However, I do think a better job could have been done in the planning process. It would have been helpful for the citizens of St. George and the board to have had the information regarding these decisions be more readily available to the public and the process itself be more transparent.

Teachers in the district haven’t had a new contact for two years. How should that issue be addressed?

As chair of the Negotiations Committee, I can say unequivocally that all outstanding contracts in RSU 13 are being addressed.

You mention the teachers specifically, and although I am not at liberty to address details, I will say that the teachers and the board are working diligently toward a satisfactory outcome for both sides.

It is important to note that all of the support staff are also without contracts, and it is the hope of the board that we can resolve these contracts as well, so that all employees of RSU 13 have contracts that are fair for all.

The board committee has been meeting two to three times a week for two years to do this work, and we all feel that having a consistent team is essential to successful negotiations. This is the primary reason for my decision to run for one more term.

How would you balance increasing education costs with the strain on taxpayers in this tough economy?

I believe that the board has done a good job of balancing the needs of students and staff with the ability of the taxpayers to support our schools. Undoubtedly, these are very difficult times for both our citizens and our schools. Declining support from the state coupled with a horrible economy and all of this complicated by the new funding formula for RSU 13 has made for two very challenging budget years. The board has taken its responsibilities very seriously and has examined the budget thoroughly, making painful cuts where necessary. This will be ongoing work as we strive to keep the programs and services for kids moving forward and keeping our spending under control.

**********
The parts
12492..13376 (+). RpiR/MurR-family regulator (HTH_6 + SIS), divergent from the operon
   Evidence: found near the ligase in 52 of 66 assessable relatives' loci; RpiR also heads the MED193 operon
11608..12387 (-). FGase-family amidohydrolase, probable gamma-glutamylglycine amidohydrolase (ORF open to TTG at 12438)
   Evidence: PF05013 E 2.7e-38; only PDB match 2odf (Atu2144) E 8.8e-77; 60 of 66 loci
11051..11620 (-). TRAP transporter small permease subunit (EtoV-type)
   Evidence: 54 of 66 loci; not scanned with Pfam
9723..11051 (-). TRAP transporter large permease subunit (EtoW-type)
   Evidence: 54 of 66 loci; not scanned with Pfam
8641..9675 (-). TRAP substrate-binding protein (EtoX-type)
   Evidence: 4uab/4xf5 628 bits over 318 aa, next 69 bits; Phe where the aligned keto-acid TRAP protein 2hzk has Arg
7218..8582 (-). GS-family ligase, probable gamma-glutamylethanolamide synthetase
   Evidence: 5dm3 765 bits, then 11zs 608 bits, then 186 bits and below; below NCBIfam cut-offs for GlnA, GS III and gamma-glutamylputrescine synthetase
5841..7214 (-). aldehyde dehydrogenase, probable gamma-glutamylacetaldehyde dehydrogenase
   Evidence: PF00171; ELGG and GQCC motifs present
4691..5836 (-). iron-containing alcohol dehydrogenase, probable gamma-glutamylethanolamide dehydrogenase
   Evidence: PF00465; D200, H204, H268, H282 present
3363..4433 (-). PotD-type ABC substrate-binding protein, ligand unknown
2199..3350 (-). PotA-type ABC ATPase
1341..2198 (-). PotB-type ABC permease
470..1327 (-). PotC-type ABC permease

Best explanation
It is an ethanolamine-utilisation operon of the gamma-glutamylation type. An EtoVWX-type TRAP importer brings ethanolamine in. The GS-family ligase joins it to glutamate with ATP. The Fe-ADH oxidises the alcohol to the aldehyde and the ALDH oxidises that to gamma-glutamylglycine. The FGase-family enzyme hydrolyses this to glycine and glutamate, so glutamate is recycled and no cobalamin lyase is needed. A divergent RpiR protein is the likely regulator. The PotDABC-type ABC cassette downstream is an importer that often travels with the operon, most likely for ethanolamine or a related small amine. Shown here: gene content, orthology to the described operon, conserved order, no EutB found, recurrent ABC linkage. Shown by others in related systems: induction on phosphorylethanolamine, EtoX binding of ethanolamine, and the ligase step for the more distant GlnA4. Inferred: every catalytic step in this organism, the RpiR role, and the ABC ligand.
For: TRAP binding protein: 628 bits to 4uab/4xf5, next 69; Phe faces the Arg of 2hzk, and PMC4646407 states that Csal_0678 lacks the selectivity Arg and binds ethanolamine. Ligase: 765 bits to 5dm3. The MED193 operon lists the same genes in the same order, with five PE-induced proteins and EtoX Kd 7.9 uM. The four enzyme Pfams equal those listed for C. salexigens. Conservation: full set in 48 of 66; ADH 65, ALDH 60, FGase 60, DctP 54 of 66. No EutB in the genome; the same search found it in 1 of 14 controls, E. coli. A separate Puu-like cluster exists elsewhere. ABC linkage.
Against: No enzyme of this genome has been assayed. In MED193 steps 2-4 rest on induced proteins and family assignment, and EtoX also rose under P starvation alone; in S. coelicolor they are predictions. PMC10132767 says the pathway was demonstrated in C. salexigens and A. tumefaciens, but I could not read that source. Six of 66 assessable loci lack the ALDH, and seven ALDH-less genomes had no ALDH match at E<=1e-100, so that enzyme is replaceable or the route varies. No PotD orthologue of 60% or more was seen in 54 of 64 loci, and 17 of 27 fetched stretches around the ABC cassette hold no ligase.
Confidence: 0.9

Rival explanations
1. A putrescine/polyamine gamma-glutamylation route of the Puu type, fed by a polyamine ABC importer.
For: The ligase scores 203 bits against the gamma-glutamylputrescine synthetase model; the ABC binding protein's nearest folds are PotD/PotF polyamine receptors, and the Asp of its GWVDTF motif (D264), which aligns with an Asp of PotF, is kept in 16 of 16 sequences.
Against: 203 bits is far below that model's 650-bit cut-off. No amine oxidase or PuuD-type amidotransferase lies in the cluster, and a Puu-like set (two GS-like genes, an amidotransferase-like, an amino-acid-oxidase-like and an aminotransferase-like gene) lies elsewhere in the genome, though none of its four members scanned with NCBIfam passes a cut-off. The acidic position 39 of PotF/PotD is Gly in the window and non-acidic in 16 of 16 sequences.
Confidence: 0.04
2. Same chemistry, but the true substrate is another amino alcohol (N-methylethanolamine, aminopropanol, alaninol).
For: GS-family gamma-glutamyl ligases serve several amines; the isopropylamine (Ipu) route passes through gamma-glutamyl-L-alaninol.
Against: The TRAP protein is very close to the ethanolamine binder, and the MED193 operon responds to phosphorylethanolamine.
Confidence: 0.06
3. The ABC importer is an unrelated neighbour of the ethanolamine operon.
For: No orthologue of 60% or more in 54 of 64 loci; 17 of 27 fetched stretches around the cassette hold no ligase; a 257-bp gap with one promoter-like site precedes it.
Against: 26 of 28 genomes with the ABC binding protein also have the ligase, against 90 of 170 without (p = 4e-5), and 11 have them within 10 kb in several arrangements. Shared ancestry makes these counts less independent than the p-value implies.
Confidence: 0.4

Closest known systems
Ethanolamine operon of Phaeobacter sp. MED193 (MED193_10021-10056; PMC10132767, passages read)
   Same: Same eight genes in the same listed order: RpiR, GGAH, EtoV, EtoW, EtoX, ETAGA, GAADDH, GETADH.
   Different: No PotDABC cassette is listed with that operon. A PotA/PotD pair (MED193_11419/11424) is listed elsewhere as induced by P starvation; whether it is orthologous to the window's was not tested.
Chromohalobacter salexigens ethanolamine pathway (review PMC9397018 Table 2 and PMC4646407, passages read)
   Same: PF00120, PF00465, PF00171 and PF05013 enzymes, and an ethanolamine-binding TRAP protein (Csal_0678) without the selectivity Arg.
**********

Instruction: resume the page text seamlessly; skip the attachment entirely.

What should be done about low graduation rates/high dropout rates in the district’s high schools?

RSU 13 is already addressing the difficulties many of our students encounter as they move through high school.

The decision to move our eighth- and ninth-graders into their own space is a direct result of the concern of both the board and administration over the performance of our high school students. Oceanside West will afford our students opportunities to not only have a curriculum that is challenging and varied, but the school will also support those students who are struggling to ensure that when they move to Oceanside East, they will have a successful high school experience.

How long have you lived in Thomaston?

Ray and I have lived in Thomaston 20 years. We have raised our family here — all of our children went through SAD 50 schools — and we have found this town to be a wonderful place to live.

Can you talk about your work and education background?

Ray and I are owners of Mystic Woodworks, a wood manufacturing business on Route 90 in Warren. I have a bachelor of science in education from Northeastern University.